Ancient Monuments

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Bowl barrow on Calton Pastures, 850m south of Calton Houses

A Scheduled Monument in Nether Haddon, Derbyshire

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Coordinates

Latitude: 53.2052 / 53°12'18"N

Longitude: -1.6352 / 1°38'6"W

OS Eastings: 424462.640559

OS Northings: 367627.591632

OS Grid: SK244676

Mapcode National: GBR 581.1DF

Mapcode Global: WHCD7.VPJQ

Entry Name: Bowl barrow on Calton Pastures, 850m south of Calton Houses

Scheduled Date: 16 February 1994

Source: Historic England

Source ID: 1007998

English Heritage Legacy ID: 23255

County: Derbyshire

Civil Parish: Nether Haddon

Traditional County: Derbyshire

Lieutenancy Area (Ceremonial County): Derbyshire

Church of England Parish: Edensor St Peter

Church of England Diocese: Derby

Details

The monument is one of a dispersed alignment of five bowl barrows situated on
Calton Pastures in the eastern gritstone moorlands of Derbyshire. It includes
a roughly circular flat-topped mound measuring 21m by 19m and standing c.1m
high. A partial excavation of the barrow was carried out by Thomas Bateman in
1850 when a disturbed sandstone cist or grave was found containing the remains
of a cremation and some burnt lead ore. The discoveries date the barrow to the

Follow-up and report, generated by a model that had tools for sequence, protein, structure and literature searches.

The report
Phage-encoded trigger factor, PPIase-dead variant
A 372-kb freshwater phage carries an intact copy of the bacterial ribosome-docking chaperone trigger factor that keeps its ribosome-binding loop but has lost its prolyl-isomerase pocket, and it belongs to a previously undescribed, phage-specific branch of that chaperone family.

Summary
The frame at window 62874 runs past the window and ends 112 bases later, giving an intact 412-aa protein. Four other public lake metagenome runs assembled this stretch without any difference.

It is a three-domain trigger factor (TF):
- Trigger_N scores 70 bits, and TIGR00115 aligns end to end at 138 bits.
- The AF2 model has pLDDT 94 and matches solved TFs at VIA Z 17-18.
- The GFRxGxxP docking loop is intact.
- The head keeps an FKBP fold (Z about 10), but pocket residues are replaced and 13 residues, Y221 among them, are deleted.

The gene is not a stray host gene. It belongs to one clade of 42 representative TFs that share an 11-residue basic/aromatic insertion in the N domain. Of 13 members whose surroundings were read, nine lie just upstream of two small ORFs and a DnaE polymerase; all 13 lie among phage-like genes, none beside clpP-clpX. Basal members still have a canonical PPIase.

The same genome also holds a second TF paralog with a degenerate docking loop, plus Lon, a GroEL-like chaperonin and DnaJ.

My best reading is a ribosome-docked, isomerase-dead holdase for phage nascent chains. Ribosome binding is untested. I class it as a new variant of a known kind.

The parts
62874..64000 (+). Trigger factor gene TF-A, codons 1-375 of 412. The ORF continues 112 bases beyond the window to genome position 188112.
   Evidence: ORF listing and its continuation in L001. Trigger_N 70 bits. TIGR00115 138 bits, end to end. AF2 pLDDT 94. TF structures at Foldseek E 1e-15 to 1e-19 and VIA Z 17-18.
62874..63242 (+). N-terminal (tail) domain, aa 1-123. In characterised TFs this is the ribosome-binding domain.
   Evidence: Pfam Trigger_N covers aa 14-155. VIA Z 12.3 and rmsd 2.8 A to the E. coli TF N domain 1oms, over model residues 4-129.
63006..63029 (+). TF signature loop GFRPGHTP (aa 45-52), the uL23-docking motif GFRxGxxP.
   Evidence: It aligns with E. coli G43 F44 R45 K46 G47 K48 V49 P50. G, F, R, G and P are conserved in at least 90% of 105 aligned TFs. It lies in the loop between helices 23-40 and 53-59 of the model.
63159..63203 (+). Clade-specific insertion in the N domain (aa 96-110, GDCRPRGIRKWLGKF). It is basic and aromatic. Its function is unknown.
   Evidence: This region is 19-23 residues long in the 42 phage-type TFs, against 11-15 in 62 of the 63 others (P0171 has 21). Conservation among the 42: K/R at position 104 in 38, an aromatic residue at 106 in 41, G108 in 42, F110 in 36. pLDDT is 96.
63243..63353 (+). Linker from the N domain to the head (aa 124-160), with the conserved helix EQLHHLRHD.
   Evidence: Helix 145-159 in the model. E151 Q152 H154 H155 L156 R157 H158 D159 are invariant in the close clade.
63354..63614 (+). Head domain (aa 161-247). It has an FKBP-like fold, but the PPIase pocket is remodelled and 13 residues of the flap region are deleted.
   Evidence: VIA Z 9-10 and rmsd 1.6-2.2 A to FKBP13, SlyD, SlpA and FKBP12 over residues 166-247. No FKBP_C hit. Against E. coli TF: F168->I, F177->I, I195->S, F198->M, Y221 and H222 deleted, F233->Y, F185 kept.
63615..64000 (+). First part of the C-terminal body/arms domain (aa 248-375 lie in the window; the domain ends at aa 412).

Bronze Age.

MAP EXTRACT
The site of the monument is shown on the attached map extract.
It includes a 2 metre boundary around the archaeological features,
considered to be essential for the monument's support and preservation.

Source: Historic England

Reasons for Scheduling

Bowl barrows, the most numerous form of round barrow, are funerary monuments
dating from the Late Neolithic period to the Late Bronze Age, with most
examples belonging to the period 2400-1500 BC. They were constructed as
earthen or rubble mounds, sometimes ditched, which covered single or multiple
burials. They occur either in isolation or grouped as cemeteries and often
acted as a focus for burials in later periods. Often superficially similar,
although differing widely in size, they exhibit regional variations in form
and a diversity of burial practices. There are over 10,000 surviving bowl
barrows recorded nationally (many more have already been destroyed), occurring
across most of lowland Britain. Often occupying prominent locations, they are
a major historic element in the modern landscape and their considerable
variation of form and longevity as a monument type provide important
information on the diversity of beliefs and social organisations amongst early
prehistoric communities. They are particularly representative of their period
and a substantial proportion of surviving examples are considered worthy of
protection.

All the barrows on Calton Pastures have been disturbed by excavation but all
are nevertheless reasonably well preserved and retain substantial areas of
intact archaeological deposits.

Source: Historic England

Sources

Books and journals
Barnatt, J, The Peak District Barrow Survey (1989), (1989)
Barnatt, J, The Peak District Barrow Survey (1989), (1989)
Bateman, T, Ten Years Diggings in Celtic and Saxon Grave-Hills, (1861), 64-65

Source: Historic England

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